Pamukkale-Turkish Cotton Castle

Pamukkale-Turkish Cotton Castle

Pamukkalemeaning “cotton castle” in Turkish, is a natural site in Denizli in southwestern Turkey. Today, it is a famous Turkish attraction. What makes this place special is a termal water, unique natural shape and ancient ruins of the city. The ancient Romans discover this place and builded a famous city upon it, where they would come to heal themselves, recover or even die.

Origin of white color

Somewhere deep in the earth beneath Pamukkale and the ancient Roman city of Hierapolis lies a vast source of water heated by volcanic lava. The water dissolves pure white calcium, becomes saturated with it, and carries it to the earth’s surface, where it bursts forth and runs down a steep hillside.

Cooling in the open air, the calcium precipitates from the water, adheres to the soil, and forms white calcium “cascades” frozen in stone called travertines.

In this area, there are 17 hot water springs in which the temperature ranges from 35 °C (95 °F) to 100 °C (212 °F). The water that emerges from the spring is transported 320 metres (1,050 ft) to the head of the travertine terraces and deposits calcium carbonate on a section 60 to 70 metres (200 to 230 ft) long covering an expanse of 24 metres (79 ft) to 30 metres (98 ft).

History

Located in the province of Denizli, this extraordinary landscape was a focus of interest for visitors to the nearby Hellenistic spa town of Hierapolis, founded by the Attalid kings of Pergamom at the end of the 2nd century B.C., at the site of an ancient cult. Its hot springs were also used for scouring and drying wool. Ceded to Rome in 133 B.C., Hierapolis flourished, reaching its peak of importance in the 2nd and 3rd centuries A.D., having been destroyed by an earthquake in 60 A.D. and rebuilt. Remains of the Greco-Roman period include baths, temple ruins, a monumental arch, a nymphaeum, a necropolis and a theatre.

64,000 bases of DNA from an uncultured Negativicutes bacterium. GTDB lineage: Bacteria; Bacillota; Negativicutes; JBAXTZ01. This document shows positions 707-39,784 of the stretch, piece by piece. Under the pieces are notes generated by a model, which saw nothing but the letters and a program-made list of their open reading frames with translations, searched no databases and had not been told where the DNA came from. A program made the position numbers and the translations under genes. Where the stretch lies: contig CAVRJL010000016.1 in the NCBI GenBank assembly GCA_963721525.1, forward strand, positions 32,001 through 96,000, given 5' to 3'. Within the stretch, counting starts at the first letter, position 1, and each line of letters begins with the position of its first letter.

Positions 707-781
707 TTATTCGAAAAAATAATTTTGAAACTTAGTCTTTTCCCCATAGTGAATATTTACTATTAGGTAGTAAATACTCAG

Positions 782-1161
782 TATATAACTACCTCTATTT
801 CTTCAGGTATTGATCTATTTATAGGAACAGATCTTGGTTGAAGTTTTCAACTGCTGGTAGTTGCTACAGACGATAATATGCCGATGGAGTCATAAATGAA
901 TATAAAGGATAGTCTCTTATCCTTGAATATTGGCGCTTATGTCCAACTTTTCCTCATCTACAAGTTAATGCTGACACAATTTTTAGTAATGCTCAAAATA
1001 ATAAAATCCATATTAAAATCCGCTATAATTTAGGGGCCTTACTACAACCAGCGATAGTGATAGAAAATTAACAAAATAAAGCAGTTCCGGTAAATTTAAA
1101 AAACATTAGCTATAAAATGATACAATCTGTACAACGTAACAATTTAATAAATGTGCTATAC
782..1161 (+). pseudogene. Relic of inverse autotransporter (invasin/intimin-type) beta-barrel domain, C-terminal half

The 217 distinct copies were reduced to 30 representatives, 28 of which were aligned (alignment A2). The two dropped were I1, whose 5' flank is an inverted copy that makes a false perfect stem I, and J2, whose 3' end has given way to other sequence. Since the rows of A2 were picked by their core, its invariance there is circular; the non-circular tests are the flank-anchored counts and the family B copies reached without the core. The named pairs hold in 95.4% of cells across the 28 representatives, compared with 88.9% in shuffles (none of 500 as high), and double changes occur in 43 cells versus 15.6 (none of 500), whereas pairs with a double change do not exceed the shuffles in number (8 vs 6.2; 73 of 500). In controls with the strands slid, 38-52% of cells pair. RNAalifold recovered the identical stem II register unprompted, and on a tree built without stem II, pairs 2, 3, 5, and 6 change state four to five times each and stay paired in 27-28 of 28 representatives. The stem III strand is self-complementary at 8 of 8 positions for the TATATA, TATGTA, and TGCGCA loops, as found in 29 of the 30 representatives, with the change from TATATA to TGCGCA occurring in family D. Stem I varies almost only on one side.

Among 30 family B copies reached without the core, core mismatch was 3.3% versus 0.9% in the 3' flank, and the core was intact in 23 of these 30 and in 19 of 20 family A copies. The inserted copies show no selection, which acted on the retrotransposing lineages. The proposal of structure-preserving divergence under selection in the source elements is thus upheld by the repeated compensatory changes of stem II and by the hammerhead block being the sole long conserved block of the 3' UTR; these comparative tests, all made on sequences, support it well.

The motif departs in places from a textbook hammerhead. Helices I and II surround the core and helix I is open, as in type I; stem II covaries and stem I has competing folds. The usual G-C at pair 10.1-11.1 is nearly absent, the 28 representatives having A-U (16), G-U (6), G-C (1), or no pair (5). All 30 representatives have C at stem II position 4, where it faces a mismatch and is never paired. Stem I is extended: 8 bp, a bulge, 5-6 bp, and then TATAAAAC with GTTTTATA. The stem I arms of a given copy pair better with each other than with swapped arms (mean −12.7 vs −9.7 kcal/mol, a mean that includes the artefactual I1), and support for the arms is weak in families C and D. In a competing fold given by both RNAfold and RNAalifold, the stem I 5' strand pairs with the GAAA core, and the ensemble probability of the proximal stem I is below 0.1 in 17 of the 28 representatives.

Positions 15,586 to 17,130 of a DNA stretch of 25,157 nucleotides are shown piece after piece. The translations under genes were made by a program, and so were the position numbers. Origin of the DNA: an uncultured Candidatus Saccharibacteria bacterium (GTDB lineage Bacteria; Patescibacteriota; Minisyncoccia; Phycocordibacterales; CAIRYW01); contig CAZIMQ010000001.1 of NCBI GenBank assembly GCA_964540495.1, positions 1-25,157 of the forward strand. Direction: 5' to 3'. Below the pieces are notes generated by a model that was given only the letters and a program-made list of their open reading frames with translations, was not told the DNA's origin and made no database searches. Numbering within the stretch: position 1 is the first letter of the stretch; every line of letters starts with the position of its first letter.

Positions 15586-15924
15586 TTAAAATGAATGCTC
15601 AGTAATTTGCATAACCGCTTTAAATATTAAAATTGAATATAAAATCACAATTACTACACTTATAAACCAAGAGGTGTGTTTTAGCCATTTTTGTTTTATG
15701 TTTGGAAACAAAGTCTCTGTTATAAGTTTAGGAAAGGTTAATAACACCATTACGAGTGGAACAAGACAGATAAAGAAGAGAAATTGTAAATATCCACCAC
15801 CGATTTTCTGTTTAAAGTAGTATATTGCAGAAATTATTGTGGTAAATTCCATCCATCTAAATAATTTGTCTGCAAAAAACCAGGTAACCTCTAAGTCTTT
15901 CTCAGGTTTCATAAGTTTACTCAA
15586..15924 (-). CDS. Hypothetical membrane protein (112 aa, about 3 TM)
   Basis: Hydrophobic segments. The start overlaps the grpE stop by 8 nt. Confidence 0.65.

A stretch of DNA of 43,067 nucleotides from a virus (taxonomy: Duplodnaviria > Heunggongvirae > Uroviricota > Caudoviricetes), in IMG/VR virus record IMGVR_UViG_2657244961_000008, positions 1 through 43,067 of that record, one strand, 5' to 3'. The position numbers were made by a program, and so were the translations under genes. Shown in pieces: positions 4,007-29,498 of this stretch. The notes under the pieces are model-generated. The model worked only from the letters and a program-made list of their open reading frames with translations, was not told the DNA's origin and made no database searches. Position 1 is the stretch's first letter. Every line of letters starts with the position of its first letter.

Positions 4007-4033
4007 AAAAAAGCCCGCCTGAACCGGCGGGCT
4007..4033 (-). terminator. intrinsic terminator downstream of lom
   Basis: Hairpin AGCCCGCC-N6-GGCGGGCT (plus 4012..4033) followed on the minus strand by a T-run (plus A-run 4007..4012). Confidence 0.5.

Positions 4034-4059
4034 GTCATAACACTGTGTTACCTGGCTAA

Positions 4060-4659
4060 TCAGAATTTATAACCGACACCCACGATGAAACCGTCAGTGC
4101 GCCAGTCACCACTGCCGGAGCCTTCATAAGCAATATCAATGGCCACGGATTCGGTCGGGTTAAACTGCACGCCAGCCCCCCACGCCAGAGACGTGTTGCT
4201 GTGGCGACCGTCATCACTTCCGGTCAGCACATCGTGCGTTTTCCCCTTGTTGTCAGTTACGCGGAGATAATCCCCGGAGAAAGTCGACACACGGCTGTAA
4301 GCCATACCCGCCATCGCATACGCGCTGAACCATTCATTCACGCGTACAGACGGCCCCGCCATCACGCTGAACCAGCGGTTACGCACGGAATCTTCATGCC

Following the acceptance of Christianity by the emperor Constantine and his establishment of Constantinople as the ‘new Rome’ in 330 A.D., the town was made a bishopric. As the place of St. Philip’s martyrdom in 80 A.D., commemerated by his Martyrium building in the 5th century, Hierapolis with its several churches became an important religious center for the Eastern Roman Empire.

Antiques Pool/Cleopatras Pool

This place was allegedly one of Cleopatras favorite places. This egyptian queen is well known for her beauty and health treatments. This pool consist out of mineral water with temperature from 30 C°-50 C° and its water is good for heart diseases, atherosclerosis, blood pressure, rheumatism, eye and skin diseases, rickets, nervous disorders, nervous and physical exhaustion circulatorly problems and furthermore when it has been drank it is good for digestive maladies.

The pool is open for tourist and You can swimm there during the entire year.

With a unique combination of natural and man-made wonders Pamukkale-Hierapolis has been made a Unesco World Heritage site. With over two million visitors annually, it is also one of the Turkey’s most visited attractions.